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Back in November 2017, Facebook announced that it was using artificial intelligence to help
flag suicidal users. The tech was used to identify posts, videos and live streams that could be
indicative of suicidal thoughts. The algorithm also prioritises the order in which the
Facebook team reviews these posts. According to Facebook, these accelerated reports get
reported to local authorities twice as fast as unaccelerated ones – which could save many
Recently, the Canadian government has also announced its use of AI to help prevent
suicides in the nation. It partnered with Advanced Symbolics, an AI firm, which will research
and predict suicide rates by analysing Canadian social media posts. The firm aims to predict
which areas of Canada could see an increase in suicidal behaviour, after which the
government can plan and provide mental health resources, in the right places, at the right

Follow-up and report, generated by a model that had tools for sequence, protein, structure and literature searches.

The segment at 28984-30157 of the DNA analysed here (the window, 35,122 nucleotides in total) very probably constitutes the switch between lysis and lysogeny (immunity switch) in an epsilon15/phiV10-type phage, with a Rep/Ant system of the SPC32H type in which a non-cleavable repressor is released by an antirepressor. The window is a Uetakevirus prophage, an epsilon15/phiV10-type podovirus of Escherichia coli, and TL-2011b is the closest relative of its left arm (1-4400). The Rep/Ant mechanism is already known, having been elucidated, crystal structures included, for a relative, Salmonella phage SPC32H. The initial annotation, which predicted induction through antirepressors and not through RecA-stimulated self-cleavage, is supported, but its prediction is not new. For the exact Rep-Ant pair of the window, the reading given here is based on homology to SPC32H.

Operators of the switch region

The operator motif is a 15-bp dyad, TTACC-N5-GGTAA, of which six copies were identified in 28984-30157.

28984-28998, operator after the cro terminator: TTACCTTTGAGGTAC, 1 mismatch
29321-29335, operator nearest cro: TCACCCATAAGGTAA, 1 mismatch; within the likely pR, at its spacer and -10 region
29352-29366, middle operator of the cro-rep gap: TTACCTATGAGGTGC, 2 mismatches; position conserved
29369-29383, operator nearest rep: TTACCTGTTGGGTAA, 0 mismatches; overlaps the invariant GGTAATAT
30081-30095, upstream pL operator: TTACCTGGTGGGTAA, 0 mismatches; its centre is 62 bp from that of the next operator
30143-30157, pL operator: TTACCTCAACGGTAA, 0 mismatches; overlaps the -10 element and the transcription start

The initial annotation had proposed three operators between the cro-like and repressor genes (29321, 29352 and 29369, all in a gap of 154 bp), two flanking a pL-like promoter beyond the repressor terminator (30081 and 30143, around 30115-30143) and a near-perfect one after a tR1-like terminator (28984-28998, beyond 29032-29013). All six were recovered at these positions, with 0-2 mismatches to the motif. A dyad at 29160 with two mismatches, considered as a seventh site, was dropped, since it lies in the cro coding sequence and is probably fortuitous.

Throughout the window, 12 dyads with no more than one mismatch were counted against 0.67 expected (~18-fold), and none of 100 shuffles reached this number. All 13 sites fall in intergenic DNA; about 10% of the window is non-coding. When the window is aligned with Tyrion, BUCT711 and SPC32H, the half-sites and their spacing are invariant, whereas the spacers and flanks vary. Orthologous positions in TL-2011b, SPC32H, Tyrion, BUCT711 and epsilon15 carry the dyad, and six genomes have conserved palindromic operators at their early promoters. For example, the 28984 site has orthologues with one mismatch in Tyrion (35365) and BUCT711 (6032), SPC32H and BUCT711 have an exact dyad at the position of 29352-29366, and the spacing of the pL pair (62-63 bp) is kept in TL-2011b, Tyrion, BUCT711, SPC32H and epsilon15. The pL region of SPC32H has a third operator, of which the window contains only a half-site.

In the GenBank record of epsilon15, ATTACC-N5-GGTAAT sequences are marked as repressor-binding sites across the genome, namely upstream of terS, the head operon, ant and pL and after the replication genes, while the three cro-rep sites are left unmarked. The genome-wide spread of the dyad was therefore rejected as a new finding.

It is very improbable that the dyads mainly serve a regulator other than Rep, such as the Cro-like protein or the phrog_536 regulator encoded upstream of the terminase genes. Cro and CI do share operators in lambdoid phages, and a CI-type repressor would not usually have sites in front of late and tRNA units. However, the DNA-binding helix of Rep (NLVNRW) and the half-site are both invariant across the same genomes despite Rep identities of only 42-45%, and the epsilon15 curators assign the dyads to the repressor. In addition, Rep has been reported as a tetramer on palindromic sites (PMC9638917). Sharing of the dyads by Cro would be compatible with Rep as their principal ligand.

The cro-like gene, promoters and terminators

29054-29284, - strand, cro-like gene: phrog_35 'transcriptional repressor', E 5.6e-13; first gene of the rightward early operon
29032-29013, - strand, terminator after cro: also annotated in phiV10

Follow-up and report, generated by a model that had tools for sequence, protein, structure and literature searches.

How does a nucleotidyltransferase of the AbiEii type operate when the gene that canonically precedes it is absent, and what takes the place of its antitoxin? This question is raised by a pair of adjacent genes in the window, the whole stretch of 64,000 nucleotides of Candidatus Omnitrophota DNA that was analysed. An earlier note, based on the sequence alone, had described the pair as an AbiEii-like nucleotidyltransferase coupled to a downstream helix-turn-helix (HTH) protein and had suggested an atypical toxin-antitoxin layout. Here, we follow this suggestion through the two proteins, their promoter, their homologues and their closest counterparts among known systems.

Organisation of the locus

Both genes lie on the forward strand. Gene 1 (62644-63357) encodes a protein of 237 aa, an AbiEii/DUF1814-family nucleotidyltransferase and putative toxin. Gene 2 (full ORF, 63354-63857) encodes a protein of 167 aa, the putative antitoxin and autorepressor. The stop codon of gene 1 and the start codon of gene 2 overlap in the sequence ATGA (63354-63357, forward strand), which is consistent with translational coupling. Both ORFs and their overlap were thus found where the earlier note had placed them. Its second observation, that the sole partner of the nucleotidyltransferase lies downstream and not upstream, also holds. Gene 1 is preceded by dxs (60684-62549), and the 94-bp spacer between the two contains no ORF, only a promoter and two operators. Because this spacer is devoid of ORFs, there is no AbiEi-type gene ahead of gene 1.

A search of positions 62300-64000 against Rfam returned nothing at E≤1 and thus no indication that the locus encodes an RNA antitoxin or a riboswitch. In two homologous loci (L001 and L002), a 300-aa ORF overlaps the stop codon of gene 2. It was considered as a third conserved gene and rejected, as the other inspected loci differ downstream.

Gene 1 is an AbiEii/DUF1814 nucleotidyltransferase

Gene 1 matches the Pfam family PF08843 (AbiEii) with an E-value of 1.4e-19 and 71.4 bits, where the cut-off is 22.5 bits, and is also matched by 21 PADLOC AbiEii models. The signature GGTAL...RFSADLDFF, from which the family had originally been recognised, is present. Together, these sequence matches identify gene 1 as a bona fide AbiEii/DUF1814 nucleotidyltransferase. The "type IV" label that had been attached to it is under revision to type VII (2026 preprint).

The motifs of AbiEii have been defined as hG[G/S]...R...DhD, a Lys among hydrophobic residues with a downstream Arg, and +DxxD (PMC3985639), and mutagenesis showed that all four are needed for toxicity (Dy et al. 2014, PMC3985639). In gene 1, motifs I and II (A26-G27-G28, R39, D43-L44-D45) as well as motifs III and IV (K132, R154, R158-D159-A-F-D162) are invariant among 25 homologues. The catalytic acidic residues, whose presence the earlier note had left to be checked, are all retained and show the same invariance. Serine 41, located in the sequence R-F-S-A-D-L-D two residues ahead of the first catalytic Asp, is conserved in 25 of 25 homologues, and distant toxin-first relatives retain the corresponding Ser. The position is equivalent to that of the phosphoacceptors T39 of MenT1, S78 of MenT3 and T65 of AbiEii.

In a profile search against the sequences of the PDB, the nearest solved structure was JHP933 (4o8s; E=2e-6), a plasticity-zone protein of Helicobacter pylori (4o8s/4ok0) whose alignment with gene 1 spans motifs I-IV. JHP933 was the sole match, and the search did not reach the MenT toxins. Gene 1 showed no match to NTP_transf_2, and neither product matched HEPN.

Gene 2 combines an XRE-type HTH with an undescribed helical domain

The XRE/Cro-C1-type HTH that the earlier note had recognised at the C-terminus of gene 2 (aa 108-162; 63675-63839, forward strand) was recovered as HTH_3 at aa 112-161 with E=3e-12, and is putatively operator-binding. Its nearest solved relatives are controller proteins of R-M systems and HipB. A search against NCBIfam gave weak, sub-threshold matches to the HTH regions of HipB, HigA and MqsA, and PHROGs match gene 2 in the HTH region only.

“To help prevent suicide, develop effective prevention programs and recognize ways to
intervene earlier, we must first understand the various patterns and characteristics of
suicide-related behaviours"; a Public Health Agency of Canada spokesperson said to CBC in a statement. "PHAC is exploring ways to pilot a new approach to assist in identifying patterns,
based on online data, associated with users who discuss suicide-related behaviours.”
AI has tremendous potential in the field of suicide prevention as many people that need
help go unnoticed by others. However, there are potential issues that must be taken care of:
1. Safety concerns as AI programs must learn to respond appropriately so as to not worsen
suicidal users’ emotional states.
2. Privacy concerns regarding users’ health information.
3. The accuracy of the AIs in determining suicide intent, to list a few.
Nonetheless, small steps, like those being taken by Facebook and the Canadian government,
will provide valuable insights to improve and advance AI technology.